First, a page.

2012 has been an eventful year in the wine industry. There are more licensed American wineries than ever before (almost three times as many wineries as breweries...). California (and Colorado) had a bumper crop of high (not exceptional) quality. The Rudy Kurniawan story made headlines in the non-wine world after he was arrested for producing and selling millions of dollars of fraudulent wine. And in probably the biggest news that wasn't really wasn't that big (see yesterday's post), Robert Parker, Jr. announced that he was stepping down as editor-in-chief of the Wine Advocate, opening a second office in Singapore and sold a share of the ownership to three Asian investors (rumor is they aren't all Asian...). So what will 2013 bring in terms of worthy wine news?
Here are five prognostications:
1. The Wine Advocate will expand and increase its popularity. The move announced earlier this week has been met with predictions of the end for Robert Parker's publication, but I think the move is the start to an expansion into Asia and digital media and an attempt to build the brand rather than a golden parachute. While many people only subscribe to the Wine Advocate for Parker's scores, more writers will be hired and their scores will be just as well received as Wine Spectator's group of critics. This bigger group of advocates will also review more and new wine regions, including but no limited to China. This leads me to prediction number two.
2. Colorado will be one of the new regions appearing in not only the Wine Advocate, but Wine Spectator and other publications. No, Colorado is not going to rival California for coverage, but Colorado's wineries will start to get some coverage. This will be a big improvement over no coverage. The most recent issue of the Wine Spectator was the first for a Colorado wine review to appear in print. The Infinite Monkey Theorem received scores ranging from 84-89 (the current highest rating of any Colorado wine). I also expect a Colorado winery to finally receive a 90+ rating from James Molesworth and Robert Parker (or one of the Wine Advocate critics). This will be a big deal because previously only eight wines from states other than California, New York, Oregon and Washington have received 90+ scores.
3. California "First Growth" wineries will increase their production. One of the defining characteristics of these so-called "cult" wineries is their exceeding limited production (usually only a few hundred cases). We've already seen Screaming Eagle introduce two new wines (a sauvignon blanc and a second red blend called Second Flight) in the past year. Bryant Family Vineyard also introduced a blend called Bettina and the lower cost DB4 in the past few vintages. Not only will these luxury wine brands add new labels, but the overall production will increase. The market for these expensive wines wasn't hurt too much in the recession and will recover faster than less expensive wines. Owners will want to maximize profits and ramp up production without lowering prices. I'm not saying they will reach the production numbers of First Growth Bordeaux (which is about 25,000 cases at each chateau), but the likes of Bryant, Colgin, Harlan, Screaming Eagle, and Sine Qua Non will approximately double their production starting with the 2012 vintage (to be released in a few years). We (and by we I mean the wealthy few that can actually afford the wines) may not see the results of this growth for a few years, but this is the year it will begin.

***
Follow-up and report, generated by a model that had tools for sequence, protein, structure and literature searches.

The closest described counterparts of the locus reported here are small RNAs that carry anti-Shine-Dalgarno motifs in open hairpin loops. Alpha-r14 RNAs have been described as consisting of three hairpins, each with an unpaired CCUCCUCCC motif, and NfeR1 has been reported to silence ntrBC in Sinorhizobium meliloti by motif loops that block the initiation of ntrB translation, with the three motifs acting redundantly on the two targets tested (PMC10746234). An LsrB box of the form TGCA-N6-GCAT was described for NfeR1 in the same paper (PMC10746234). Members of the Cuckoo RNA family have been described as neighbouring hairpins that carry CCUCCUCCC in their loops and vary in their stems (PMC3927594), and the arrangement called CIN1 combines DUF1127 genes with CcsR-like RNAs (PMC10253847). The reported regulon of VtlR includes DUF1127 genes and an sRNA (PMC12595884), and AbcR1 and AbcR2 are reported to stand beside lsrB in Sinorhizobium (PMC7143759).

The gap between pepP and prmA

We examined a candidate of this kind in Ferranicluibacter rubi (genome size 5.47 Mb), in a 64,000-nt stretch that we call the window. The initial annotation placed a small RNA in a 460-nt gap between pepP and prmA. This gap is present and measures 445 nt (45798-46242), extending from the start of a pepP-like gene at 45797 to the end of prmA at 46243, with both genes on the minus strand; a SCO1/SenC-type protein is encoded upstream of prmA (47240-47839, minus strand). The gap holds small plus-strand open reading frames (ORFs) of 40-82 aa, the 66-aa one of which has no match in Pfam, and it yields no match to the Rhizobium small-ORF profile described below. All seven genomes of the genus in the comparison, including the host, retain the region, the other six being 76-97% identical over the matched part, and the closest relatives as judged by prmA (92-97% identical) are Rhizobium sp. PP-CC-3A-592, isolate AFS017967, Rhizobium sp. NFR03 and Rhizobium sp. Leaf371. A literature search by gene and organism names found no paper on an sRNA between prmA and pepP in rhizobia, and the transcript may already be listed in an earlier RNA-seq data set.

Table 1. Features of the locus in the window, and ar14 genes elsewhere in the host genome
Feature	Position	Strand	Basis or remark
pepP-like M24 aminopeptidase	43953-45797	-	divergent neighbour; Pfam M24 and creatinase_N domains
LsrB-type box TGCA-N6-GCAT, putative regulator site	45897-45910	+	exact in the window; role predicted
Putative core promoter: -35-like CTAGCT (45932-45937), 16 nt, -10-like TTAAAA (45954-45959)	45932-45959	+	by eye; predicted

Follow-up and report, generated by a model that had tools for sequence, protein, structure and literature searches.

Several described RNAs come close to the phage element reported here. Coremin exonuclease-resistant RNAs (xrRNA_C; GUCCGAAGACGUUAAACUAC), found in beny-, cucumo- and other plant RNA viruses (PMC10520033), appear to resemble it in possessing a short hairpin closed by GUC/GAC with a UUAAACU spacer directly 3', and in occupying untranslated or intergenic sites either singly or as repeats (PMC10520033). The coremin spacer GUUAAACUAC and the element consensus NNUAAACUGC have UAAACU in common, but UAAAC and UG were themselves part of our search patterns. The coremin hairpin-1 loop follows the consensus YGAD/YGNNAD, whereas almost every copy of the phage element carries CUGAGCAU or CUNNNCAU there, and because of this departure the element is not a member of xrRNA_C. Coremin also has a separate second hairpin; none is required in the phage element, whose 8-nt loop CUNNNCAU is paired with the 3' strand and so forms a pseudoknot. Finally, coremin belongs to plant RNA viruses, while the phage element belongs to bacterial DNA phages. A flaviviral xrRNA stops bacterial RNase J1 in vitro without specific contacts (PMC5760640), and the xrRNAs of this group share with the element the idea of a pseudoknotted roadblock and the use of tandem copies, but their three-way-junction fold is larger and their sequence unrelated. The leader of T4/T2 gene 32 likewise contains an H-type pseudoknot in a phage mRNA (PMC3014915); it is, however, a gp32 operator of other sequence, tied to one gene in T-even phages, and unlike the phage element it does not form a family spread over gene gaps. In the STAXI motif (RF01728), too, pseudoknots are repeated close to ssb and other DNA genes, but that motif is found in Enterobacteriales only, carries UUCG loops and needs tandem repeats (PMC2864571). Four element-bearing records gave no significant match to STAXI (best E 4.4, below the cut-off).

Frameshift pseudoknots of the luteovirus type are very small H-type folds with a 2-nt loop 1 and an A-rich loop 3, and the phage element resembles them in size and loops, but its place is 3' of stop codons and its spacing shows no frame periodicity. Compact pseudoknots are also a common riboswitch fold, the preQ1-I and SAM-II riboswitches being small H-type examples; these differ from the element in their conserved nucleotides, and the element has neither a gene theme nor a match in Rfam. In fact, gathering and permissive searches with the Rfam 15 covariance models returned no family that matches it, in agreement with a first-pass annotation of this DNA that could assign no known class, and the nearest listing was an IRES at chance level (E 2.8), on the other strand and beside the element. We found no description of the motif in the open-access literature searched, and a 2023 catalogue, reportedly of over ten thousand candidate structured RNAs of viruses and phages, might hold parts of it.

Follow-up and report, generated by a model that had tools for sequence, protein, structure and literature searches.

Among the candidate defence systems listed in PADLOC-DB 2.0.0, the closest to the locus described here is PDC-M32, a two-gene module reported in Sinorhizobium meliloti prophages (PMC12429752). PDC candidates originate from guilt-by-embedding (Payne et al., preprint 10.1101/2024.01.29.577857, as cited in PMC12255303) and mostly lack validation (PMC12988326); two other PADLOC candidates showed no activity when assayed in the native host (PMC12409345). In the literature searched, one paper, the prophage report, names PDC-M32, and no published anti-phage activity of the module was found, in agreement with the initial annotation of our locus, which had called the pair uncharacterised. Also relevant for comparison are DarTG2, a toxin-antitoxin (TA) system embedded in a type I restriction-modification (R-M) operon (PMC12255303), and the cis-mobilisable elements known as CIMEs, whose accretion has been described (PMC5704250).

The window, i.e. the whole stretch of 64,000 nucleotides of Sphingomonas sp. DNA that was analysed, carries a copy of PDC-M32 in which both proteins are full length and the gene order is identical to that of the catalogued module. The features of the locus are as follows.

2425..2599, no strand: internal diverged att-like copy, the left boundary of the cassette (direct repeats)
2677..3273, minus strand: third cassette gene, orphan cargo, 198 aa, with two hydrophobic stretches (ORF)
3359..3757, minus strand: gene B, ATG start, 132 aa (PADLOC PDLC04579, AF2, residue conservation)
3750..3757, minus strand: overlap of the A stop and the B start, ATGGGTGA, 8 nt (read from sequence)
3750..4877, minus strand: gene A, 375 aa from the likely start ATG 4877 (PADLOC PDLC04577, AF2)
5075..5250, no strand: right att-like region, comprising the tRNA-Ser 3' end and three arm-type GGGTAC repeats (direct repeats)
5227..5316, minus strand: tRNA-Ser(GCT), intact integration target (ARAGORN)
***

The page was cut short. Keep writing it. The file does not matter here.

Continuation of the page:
4. Not only will we see more of the high-end wines on the market, but more local wines will grace restaurant wine lists than ever before. Expect to see more Colorado wines being served in Colorado restaurants. Only a handful of restaurants actually sell local juice despite more than a handful selling themselves as being farm-to-table establishments. Now, the dearth of CO wine in restaurants is not completely the restaurants' fault. More wineries will understand the importance of marketing through restaurants. Very few wines sold at restaurants make wineries money and I doubt that will ever happen for Colorado wineries, but building a brand and creating supporters in the hospitality industry is an important part of the wine world. Not only will this happen in Colorado, but Arizona, Michigan, New York and Virginia restaurants will start selling more of their local wines. The quality is there (if the wine buyer puts in a little work) and the public is going to start wanting to try local wines with their local fare. This expansion of local wines is not going to go viral, but slow and steady growth is better than nothing. Expect this to be a prediction every year for the next 5 years.
5. Despite local wine production increasing and becoming more popular, Colorado will still be a beer state in 2013 and for the foreseeable future. Ok, I'm not going out on a limb here. Even the local vintners will probably support this prediction. However, this is not to stay local industry won't be improving and growing, just that when Family Feud polls 100 people about what food or beverage Colorado is known for, wine will not be more popular than beer. It may never be. It is a tough market in the Centennial State given the history of craft brewing and the energy behind the new wave a distillers. However, given enough time Colorado wine won't be thought of as a novelty, but beer is still going to be the bread and butter for Colorado.